[ Please excuse any word-salad. MacSpeech in training! ]
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-- Ctein's Online Gallery http://ctein.com
-- Digital Restorations http://photo-repair.com
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Mike, regarding scanning a B&W 8x10, Ralph Gibson said the following in a 2001 interview:

"I am one of those people who happens to believe that you get better results scanning from flat art, rather than negatives. You know the world is divided. There are those who think you can scan from black and white negatives and get good results. I don’t happen to share that view. I have owned a Nikon CoolScan and I still have one, but the truth is, I don’t get the results that I want. And I have spoken to other photographers who corroborate my views. I think that scanning film works better for news agencies."

Here's a link to source: http://bermangraphics.com/press/ralphgibson.htm

I have huge respect for Gibson and must give this approach a try.


Just out of curiosity , I'd like to hear a consensous answer to " how good is good enough " for film scans .

Since the largest I ever printed in a darkroom on a regular basis was 50 inches square from 6x6 film , I'd accept a 15,000x15,000 file as good enough . My b&w negs are insanely contrasty, ( I got a deal on 50" rolls of PRW ) so I need a lot of bit depth.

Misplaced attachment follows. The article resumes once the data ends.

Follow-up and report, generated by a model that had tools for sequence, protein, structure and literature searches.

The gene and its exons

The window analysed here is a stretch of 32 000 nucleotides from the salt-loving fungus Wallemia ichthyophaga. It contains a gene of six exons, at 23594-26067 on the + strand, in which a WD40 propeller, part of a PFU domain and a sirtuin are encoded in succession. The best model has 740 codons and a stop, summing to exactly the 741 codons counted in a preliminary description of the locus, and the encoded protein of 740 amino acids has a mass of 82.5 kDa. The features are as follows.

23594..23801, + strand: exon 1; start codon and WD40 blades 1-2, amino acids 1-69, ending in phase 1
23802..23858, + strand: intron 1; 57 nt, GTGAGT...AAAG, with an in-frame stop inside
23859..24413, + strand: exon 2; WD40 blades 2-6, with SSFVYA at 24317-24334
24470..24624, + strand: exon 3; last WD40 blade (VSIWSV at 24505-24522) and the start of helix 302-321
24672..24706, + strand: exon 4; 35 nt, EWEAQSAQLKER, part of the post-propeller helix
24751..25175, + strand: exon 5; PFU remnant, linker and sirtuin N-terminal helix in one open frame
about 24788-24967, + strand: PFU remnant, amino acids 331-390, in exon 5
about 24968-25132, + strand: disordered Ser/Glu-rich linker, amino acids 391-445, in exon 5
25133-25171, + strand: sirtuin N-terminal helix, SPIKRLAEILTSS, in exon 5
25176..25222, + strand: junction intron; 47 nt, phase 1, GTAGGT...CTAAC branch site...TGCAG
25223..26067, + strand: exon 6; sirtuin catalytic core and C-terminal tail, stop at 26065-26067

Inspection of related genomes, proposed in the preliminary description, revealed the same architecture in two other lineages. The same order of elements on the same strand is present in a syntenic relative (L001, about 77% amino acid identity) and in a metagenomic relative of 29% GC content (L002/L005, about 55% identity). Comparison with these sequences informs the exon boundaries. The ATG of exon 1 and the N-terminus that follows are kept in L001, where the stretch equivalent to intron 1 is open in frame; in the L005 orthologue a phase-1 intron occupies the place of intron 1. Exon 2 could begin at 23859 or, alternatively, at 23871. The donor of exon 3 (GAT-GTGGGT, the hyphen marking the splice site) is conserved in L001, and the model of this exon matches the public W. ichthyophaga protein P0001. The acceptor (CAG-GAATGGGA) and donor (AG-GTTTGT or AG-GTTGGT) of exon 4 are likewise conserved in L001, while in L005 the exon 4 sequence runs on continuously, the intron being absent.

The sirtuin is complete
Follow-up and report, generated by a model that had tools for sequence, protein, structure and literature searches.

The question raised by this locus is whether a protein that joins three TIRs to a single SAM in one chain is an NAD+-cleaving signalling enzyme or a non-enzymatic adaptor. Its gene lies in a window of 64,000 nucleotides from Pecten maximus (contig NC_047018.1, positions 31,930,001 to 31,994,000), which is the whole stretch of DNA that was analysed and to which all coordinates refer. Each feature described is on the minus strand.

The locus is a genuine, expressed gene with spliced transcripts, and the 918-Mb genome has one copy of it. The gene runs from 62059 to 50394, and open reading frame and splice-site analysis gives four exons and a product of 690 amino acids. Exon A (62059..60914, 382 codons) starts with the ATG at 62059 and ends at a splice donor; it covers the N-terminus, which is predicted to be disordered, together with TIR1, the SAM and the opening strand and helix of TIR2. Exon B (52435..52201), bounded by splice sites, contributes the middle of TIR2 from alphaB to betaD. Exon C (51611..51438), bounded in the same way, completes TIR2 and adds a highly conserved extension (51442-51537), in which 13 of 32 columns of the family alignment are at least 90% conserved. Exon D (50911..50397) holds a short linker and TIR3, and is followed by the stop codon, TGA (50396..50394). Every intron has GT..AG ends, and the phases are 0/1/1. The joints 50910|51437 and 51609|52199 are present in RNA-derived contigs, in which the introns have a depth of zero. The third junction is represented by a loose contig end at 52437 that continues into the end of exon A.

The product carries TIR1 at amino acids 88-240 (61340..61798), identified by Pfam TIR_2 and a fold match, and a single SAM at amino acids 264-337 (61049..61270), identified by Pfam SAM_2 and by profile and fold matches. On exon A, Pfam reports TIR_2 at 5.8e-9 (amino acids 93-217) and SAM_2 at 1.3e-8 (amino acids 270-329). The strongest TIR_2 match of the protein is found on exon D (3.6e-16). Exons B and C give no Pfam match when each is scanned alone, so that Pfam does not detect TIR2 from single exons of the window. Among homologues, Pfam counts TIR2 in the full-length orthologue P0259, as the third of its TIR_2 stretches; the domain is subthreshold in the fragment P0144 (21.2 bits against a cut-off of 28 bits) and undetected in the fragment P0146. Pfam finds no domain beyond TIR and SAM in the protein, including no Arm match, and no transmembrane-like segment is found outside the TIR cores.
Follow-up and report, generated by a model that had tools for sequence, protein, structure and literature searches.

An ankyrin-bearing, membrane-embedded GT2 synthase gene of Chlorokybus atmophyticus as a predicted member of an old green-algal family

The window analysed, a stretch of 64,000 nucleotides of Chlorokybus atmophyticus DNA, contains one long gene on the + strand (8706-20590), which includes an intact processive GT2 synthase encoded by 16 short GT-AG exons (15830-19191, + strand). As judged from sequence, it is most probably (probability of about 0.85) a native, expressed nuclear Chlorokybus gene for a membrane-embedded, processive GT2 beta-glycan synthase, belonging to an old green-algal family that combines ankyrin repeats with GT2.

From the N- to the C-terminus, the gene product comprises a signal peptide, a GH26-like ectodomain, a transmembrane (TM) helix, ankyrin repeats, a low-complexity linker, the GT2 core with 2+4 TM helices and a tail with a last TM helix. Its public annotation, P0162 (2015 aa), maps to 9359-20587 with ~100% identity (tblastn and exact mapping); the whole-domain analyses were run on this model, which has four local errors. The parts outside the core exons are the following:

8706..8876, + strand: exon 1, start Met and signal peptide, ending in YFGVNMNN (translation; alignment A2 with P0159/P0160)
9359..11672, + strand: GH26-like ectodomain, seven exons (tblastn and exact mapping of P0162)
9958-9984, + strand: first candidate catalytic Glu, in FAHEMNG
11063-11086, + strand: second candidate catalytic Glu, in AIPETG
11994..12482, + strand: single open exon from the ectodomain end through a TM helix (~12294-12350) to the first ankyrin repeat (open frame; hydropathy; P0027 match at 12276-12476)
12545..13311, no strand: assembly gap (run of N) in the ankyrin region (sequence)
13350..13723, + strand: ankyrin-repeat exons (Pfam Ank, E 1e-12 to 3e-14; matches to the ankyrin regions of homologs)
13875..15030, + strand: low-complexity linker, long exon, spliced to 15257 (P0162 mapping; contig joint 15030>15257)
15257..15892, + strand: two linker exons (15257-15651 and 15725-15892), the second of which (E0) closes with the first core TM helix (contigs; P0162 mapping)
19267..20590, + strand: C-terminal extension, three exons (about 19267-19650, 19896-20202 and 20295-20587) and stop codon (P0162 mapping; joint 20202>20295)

So,
How big is "good enough" for the rest of you?

Maybe it's time for a poll?

Yes, but you missed another option – "photo-reproduction".

About a year ago I got so frustrated with the speed of my scanner (Minolta DIMAGE 5400) that I spent 400$ on a bellows reproduction set (belows + film/slide holder) and a lens, and now I can spend seconds to photograph my negs.

I think that this is the most trivial and economical solution for many years to come.

The only drawback I see with this approach is the complexity of making very large resolution "reproduction" – you'll need to photograph parts of the neg and then stitch the image back together semi-manually.